Nancy Pelosi may not be speaker anymore, and she’s not constantly flying here and there to raise money like she once was. But that doesn’t mean she’s out of the game totally. The New Republic got a copy of an invitation to an event she’s doing Wednesday, which is interesting both for who it’s for—Arizona Congressman Ruben Gallego—and who it’s obviously against—Kyrsten Sinema, who was a Democratic member of the House when Pelosi led the Democratic caucus.
Sinema, of course, left the Democratic Party earlier this year and is now a registered independent. She has not said whether she plans to run for reelection. But Sinema has held meetings laying out her potential battle plans should she run for reelection.
It’s far from clear how competitive Sinema would be should she run, however. Her most recent fundraising filings indicate anemic support among small-dollar donors. And while there isn’t much public polling, what’s out there doesn’t look good for her. A PPP poll from April had Gallego in the low 40s, three different GOP candidates in the mid-30s or high-20s—and Sinema dead last, around 15.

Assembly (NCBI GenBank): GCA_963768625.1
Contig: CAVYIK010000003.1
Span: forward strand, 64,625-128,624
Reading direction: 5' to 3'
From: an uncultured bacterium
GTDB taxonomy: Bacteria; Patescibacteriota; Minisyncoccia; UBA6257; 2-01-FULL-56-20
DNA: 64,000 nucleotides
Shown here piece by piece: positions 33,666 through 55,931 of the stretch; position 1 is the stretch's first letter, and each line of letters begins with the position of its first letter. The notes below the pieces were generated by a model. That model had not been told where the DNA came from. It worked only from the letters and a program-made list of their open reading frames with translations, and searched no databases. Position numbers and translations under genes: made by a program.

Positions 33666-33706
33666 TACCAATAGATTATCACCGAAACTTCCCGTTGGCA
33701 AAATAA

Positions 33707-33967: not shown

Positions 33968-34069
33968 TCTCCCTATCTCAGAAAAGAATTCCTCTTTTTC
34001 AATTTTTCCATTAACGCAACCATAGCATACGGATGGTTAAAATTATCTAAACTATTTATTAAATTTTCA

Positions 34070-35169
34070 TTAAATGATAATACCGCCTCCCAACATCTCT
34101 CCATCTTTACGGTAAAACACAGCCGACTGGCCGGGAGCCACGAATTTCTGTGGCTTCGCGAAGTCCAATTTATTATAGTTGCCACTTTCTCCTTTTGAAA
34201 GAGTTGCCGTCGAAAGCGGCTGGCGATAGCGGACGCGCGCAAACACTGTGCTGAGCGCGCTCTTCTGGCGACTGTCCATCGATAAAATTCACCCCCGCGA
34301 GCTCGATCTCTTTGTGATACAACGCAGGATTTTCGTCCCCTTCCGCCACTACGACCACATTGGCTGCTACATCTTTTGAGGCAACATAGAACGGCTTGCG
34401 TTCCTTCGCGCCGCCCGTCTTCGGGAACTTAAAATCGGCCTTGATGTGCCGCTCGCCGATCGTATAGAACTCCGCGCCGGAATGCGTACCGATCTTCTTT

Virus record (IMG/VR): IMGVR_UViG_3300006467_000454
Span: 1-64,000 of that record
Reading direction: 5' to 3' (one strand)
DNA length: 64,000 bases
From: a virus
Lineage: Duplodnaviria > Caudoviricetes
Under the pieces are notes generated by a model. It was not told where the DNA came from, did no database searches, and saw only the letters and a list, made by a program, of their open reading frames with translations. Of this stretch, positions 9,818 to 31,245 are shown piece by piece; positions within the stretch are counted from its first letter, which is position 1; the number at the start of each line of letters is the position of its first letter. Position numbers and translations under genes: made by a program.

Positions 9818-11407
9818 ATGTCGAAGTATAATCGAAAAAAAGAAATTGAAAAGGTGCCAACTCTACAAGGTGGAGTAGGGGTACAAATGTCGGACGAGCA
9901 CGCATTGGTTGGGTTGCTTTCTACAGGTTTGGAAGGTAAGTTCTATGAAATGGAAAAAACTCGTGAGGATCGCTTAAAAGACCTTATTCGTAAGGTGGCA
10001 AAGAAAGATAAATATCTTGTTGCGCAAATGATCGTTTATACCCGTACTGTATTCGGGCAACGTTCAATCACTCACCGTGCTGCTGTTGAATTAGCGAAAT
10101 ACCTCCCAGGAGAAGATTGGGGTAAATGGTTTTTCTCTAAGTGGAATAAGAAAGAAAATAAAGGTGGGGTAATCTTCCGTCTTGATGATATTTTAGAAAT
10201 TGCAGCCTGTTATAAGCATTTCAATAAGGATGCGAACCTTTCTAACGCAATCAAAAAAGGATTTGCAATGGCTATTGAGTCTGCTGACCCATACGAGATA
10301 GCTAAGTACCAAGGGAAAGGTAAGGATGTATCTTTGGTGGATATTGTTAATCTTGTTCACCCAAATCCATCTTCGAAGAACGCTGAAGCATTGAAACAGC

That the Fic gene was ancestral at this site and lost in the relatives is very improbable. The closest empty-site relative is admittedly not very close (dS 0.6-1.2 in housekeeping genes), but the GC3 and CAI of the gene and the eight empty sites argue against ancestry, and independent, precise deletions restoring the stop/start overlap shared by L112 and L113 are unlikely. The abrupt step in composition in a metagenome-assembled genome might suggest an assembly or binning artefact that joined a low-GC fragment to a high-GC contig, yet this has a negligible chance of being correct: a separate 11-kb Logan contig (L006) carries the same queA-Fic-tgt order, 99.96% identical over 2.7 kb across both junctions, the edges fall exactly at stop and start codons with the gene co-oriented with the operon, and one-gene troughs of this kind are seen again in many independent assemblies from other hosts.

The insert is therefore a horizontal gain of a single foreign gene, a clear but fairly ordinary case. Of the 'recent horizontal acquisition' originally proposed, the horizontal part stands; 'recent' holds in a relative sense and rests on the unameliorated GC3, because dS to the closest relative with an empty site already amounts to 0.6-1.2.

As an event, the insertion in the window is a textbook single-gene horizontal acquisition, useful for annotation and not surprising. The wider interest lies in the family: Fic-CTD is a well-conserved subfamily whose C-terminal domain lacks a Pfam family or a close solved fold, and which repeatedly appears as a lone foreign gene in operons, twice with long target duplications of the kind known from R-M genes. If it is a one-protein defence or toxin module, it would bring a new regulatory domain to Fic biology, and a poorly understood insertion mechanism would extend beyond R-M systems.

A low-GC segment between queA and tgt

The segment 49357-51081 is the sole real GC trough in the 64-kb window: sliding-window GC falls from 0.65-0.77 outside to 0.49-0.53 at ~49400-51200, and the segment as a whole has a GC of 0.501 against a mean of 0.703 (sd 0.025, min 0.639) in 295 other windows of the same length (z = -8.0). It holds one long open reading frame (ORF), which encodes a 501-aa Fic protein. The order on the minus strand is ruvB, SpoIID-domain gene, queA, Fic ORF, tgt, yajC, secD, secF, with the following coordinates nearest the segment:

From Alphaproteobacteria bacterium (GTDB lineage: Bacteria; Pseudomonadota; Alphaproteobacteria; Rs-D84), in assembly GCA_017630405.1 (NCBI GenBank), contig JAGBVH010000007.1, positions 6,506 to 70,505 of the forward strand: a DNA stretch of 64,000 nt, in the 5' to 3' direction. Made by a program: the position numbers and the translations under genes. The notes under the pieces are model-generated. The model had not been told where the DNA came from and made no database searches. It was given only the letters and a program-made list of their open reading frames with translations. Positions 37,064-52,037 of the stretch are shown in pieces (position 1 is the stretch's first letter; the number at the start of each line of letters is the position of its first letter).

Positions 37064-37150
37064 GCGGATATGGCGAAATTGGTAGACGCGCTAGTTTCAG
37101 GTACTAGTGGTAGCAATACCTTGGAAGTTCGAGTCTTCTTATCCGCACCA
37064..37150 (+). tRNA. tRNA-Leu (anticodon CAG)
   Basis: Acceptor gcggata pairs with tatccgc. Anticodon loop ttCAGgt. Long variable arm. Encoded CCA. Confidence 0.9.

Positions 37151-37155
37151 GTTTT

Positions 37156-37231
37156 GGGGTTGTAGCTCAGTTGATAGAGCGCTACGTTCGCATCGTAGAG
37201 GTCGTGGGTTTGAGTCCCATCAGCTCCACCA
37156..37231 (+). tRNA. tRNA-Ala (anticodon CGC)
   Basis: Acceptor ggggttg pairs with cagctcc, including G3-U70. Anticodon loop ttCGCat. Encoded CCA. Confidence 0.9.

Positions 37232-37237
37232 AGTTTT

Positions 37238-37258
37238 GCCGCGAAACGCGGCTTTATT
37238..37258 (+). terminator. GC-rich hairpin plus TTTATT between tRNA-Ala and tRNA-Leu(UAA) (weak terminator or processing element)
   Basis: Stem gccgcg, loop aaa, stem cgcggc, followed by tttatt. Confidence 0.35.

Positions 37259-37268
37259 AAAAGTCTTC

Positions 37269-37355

Pelosi’s presence at a Gallego fundraiser is a stark statement. It means she is directing her donor community, built over decades in Congress and congressional leadership, toward Gallego rather than either tacitly or overtly directing them to stay neutral.
Senate Democratic leadership has stayed fairly mum on the race. In an interview with The New Republic on Monday, Democratic Senatorial Committee Chairman Gary Peters did not signal whether his committee, the campaign arm for Senate Democrats, plans to endorse in the primary. That’s possibly because an enraged Sinema could be a legislative headache for Democrats if she feels they have unfairly abandoned her in 2024. Sinema, it’s important to note, still caucuses with the Democratic Party. But Peters did not throw out the possibility that the DSCC could back Gallego at some point in the cycle.